When you come home would you expect them to be perched like little angels on the sofa, hands folded in their laps, without a hair out of place?
No! Of course not.
You’d be lucky if the house was still standing. When kids get bored they get up to mischief. . . which isn’t so different to cats.
Causes of Cat Behavioural Issues
Here are examples of the ‘naughtiness’ cats get up to:
- Over grooming
- Toileting outside the box
- Scratching furniture
- Fighting with other cats in the house
- Lashing out at people
- Over eating
Whilst not wishing to over-simplify things, the chances are cat behavioural issues can be attributed to one of the following causes [*Assuming your vet has passed your cat as healthy and there is no medical problem behind her behaviour.]
- Lack of socialisation as a kitten
- Not having the resources to exhibit normal feline behaviour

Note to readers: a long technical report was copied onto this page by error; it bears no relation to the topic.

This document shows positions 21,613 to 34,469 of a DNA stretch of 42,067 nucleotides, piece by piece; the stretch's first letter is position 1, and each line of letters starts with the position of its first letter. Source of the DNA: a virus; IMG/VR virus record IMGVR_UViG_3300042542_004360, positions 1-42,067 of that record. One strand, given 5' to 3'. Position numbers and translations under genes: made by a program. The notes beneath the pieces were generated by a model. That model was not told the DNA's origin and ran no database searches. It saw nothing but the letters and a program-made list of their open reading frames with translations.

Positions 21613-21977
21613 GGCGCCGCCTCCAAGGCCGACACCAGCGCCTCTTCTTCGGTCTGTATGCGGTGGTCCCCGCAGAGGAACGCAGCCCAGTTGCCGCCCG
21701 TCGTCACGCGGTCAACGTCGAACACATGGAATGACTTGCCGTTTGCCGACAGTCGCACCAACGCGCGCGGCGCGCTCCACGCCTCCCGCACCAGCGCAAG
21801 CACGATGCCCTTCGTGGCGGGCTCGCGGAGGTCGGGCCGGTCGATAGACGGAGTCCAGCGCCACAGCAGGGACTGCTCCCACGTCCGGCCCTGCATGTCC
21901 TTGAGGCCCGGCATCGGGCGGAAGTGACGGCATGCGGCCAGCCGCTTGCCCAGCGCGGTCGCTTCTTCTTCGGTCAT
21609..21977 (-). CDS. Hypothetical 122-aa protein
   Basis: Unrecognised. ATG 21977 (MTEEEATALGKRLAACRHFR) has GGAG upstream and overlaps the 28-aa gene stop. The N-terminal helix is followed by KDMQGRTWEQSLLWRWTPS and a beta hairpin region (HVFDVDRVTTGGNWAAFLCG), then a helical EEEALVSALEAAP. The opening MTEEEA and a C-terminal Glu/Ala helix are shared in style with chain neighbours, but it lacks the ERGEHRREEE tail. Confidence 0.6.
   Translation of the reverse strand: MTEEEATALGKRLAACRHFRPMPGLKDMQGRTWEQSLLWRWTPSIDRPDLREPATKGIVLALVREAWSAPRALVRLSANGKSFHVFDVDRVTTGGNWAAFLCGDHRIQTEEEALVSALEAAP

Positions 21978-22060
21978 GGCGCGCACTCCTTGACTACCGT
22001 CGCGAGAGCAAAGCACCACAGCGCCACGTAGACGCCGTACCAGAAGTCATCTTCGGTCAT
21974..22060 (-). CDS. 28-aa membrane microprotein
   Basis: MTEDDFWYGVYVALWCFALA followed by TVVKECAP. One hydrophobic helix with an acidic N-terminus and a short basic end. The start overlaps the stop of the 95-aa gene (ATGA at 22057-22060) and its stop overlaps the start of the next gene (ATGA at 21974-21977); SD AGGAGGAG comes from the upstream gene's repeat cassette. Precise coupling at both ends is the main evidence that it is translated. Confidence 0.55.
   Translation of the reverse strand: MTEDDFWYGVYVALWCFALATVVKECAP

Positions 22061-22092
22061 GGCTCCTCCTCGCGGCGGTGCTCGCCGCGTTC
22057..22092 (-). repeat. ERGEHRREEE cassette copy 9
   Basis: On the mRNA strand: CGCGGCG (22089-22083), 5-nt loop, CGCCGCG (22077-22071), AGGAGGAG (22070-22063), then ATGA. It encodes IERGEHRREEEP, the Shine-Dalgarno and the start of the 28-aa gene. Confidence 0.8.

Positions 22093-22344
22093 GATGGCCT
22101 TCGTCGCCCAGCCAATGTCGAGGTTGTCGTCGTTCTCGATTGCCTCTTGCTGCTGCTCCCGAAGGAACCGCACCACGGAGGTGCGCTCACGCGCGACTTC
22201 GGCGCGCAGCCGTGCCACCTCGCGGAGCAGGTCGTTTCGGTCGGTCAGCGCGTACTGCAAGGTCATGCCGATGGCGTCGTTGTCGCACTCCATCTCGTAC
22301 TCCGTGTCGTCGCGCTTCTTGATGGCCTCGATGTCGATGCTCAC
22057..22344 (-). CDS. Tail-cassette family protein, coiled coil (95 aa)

- Her guardian misunderstands cat psychology
The first step to solving cat behavioural issues is to ask: Which of these causes, 1 – 4, is the reason behind my cat’s bad behaviour?
1. Lack of Socialization
Think of a feral cat, which hisses and spits and skulks away when you approach. This cat was not exposed to people as a kitten and therefore acts as if they are a threat.
This can also happen to our pet cats if they came from a breeder who kept the litter in an outdoor run, rather than inside in a home setting. That cat may be friendly most of the time, but may lash out when you try to move her from a chair or attempt to stroke her belly.